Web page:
LCA is a digitalised element of the work

At Arkitema we have therefore been working for a number of years to incorporate LCA into our design process, which means we are well prepared to conform to with the present and future rules. We have been developing several digital tools for just this purpose.

For example, we have been working closely with COWI to create LCAcollect, which is used throughout the industry to collect data for LCA reporting. We have also created LCAdesign, which is used across the Group to monitor the progress of LCAs throughout the design phase.


One of our principal tools is our own plug-in to the REVIT design software, LCAdesign, which enables our architects, engineers and builders to track the LCA figures in real time, as we design. We can then monitor the climate impact of even the smallest changes in a building project, allowing us to make informed decisions on design and environmental matters.

LCAdesign can be used from the early design phases, up to the project proposal. So we get a good idea of the LCA for the finished building early in the process. This makes for a smoother design stage with fewer iterations in the process and also gives us a head start on the documentation work in the later phases.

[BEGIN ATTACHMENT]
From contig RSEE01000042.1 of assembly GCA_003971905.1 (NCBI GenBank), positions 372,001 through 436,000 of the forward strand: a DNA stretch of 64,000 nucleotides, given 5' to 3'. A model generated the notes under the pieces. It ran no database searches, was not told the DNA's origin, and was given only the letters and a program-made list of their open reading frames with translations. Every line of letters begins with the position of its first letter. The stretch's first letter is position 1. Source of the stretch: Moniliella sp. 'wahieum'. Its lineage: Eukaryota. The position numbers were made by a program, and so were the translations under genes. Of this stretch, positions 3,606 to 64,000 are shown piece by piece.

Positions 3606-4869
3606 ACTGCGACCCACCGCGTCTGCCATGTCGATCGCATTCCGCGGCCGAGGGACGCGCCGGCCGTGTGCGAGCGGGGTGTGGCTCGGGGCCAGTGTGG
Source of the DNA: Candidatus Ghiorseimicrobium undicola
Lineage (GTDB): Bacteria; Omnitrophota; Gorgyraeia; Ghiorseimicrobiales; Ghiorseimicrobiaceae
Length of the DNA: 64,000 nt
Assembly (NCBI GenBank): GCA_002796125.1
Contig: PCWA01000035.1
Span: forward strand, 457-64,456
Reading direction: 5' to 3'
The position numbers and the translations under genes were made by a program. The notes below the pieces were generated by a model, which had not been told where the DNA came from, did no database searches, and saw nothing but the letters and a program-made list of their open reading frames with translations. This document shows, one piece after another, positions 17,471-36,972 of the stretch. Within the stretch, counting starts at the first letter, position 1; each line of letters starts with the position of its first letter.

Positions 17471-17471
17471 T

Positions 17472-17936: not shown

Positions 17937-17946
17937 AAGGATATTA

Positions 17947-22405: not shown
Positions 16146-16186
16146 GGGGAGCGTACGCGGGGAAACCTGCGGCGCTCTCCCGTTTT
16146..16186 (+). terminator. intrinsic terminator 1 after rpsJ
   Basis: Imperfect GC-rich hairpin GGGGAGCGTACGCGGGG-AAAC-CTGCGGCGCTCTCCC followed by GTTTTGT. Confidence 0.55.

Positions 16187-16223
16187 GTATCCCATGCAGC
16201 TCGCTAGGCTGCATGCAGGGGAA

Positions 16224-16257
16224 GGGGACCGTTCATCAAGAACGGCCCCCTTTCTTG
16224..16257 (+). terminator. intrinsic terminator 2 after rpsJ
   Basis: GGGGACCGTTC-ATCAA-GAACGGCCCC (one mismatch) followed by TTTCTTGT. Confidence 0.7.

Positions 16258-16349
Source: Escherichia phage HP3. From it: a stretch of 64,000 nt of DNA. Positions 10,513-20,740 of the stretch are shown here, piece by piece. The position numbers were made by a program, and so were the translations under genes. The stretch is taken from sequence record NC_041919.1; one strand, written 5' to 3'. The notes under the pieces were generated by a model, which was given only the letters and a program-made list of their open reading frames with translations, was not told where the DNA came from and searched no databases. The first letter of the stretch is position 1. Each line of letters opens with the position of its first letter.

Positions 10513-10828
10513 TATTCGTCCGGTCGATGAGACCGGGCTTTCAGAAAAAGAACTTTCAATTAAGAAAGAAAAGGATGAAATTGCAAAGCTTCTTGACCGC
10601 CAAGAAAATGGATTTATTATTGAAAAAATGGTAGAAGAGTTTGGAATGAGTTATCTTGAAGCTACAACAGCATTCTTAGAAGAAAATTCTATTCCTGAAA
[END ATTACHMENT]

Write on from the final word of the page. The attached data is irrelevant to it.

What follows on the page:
Arkitema and COWI have taken the initiative to develop a new digital data collection tool, LCAcollect, which can handle and gather data or LCA documentation for use in LCA calculations in a consistent and efficient way. LCAcollect makes the documentation as simple as possible while providing for standardisation and good data quality.

In the development process, we focused on creating a user-friendly LCA tool to lighten the administrative burden and provide an overview of the climate impact of a building project for both large and small companies. We believe it is vital for everyone to help with the green transition, which is why Arkitema and COWI have opened the doors to our development work on LCAcollect.

Among the projects for which Arkitema has produced LCAs are:

  • Erlev Skole – one of the first “new” wooden schools in Denmark
  • Engdraget – social housing built in wood in Slagelse
  • Oksenøya Barnehage – new kindergarten built in wood in Oslo